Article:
On Christmas Eve 2009, Crutcher, who lives in Chandler with his family, was airlifted to St. Joseph’s after becoming unresponsive from a seizure. Barrow’s doctors diagnosed him with a cavernous malformation, abnormal clusters of blood vessels embedded in normal tissue which can cause the brain to hemorrhage.

After complex surgery, he made what Dr. Spetzler and other members of the operating team called “remarkable.” Says Crutcher: “I had a 30 percent chance of surviving, and Barrow was there to save my life. This annual event is one way the Bob Bondurant School of High Performance Driving says ‘thank you’ to the community and to Barrow and offers our disabled neighbors an opportunity to benefit from our driving experience and knowledge.”

Mesa’s Bob Bruce, 74, Mesa, was injured in 2008 and attended to by Barrow’s Dr. Nicholas Theodore. He’s been a Bondurant School fan for years. “I never thought I would ever get a chance to actually drive at Bondurant especially after I was injured,” he says. A daily driver, he learned from the skid pad and power slide, maneuvers in which the car is brought back into control by the driver’s skill. 

“I want to thank Bob Bondurant, all of his skilled employees, Barrow, and my sponsor, Dr. [Matthais] Linke and all the great volunteers that helped us get in and out of the great cars we were given access to,” he says, noting as well his son, John, who traveled from Long Beach, Calif., to support him.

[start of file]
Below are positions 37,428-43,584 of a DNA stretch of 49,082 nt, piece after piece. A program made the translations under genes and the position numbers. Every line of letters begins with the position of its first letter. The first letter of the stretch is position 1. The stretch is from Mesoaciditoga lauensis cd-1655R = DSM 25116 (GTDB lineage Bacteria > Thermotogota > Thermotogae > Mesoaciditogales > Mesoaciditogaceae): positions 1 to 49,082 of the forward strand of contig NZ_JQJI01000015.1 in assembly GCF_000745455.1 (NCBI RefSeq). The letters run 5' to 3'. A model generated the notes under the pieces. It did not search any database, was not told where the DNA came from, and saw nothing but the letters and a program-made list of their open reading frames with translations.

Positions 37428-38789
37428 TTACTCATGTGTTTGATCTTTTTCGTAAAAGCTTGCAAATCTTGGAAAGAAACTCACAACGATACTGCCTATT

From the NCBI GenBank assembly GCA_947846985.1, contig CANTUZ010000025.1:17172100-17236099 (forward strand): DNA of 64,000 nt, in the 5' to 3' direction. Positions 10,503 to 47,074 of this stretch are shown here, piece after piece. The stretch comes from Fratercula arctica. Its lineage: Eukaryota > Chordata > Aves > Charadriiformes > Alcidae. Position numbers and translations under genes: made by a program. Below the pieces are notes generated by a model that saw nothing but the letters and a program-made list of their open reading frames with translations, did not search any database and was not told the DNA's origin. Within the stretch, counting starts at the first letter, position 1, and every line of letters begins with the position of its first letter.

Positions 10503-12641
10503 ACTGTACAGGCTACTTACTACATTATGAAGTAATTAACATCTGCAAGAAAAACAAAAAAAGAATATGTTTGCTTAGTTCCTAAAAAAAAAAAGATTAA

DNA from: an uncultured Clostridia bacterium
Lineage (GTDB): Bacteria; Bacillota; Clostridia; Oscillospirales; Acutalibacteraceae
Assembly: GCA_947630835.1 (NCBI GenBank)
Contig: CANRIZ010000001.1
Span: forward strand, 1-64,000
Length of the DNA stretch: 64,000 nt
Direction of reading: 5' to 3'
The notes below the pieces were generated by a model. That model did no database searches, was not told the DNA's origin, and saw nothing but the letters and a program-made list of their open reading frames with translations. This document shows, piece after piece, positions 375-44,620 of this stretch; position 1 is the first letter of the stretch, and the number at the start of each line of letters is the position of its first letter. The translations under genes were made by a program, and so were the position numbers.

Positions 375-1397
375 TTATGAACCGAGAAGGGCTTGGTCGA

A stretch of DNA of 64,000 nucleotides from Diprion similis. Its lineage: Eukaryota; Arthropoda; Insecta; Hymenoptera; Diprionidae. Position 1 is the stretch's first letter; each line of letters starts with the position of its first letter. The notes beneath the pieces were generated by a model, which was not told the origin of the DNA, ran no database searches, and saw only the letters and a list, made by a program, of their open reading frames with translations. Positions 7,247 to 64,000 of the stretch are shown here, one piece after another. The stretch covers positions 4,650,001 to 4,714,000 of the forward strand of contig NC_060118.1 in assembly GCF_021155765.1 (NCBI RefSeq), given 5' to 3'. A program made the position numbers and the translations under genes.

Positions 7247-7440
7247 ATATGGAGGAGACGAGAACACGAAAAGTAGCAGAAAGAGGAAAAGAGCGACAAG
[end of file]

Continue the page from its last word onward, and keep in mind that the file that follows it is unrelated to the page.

Chandler’s Tim Surry, a daily driver and “go fast guy,” also benefitted from his second event. “I’m learning about the weight-shifting of the car, how much tire is actually on the ground during different phases of the turns, breaking, always looking ahead of you, and what is the optimum way to enter and exit a turn,” he says.

Surry refers to a talk by Eddie Alexander, a former professional rugby player who now works with the Audi Club and other groups to acclimate enthusiasts to race track driving and speaks to the disabled community about driving stress and developing skills at the wheel. Alexander drove in from his home in Corona, Calif., to take part in the event as a speaker and driver.

“Eddie talked about this as a part of rehab, and how it turns into everyday living,” Surry says. “He said you have to be part of the community and get out there — not just sitting at home —and driving is a big part of getting out there.”

At the adapted wheel of his car, Alexander notes: “An event such as this is all about creating opportunities that some people might say aren’t there. Who would think about taking a group of disabled people out on a race track? That’s crazy. But this event asks, ‘Why not?’ Why not?’”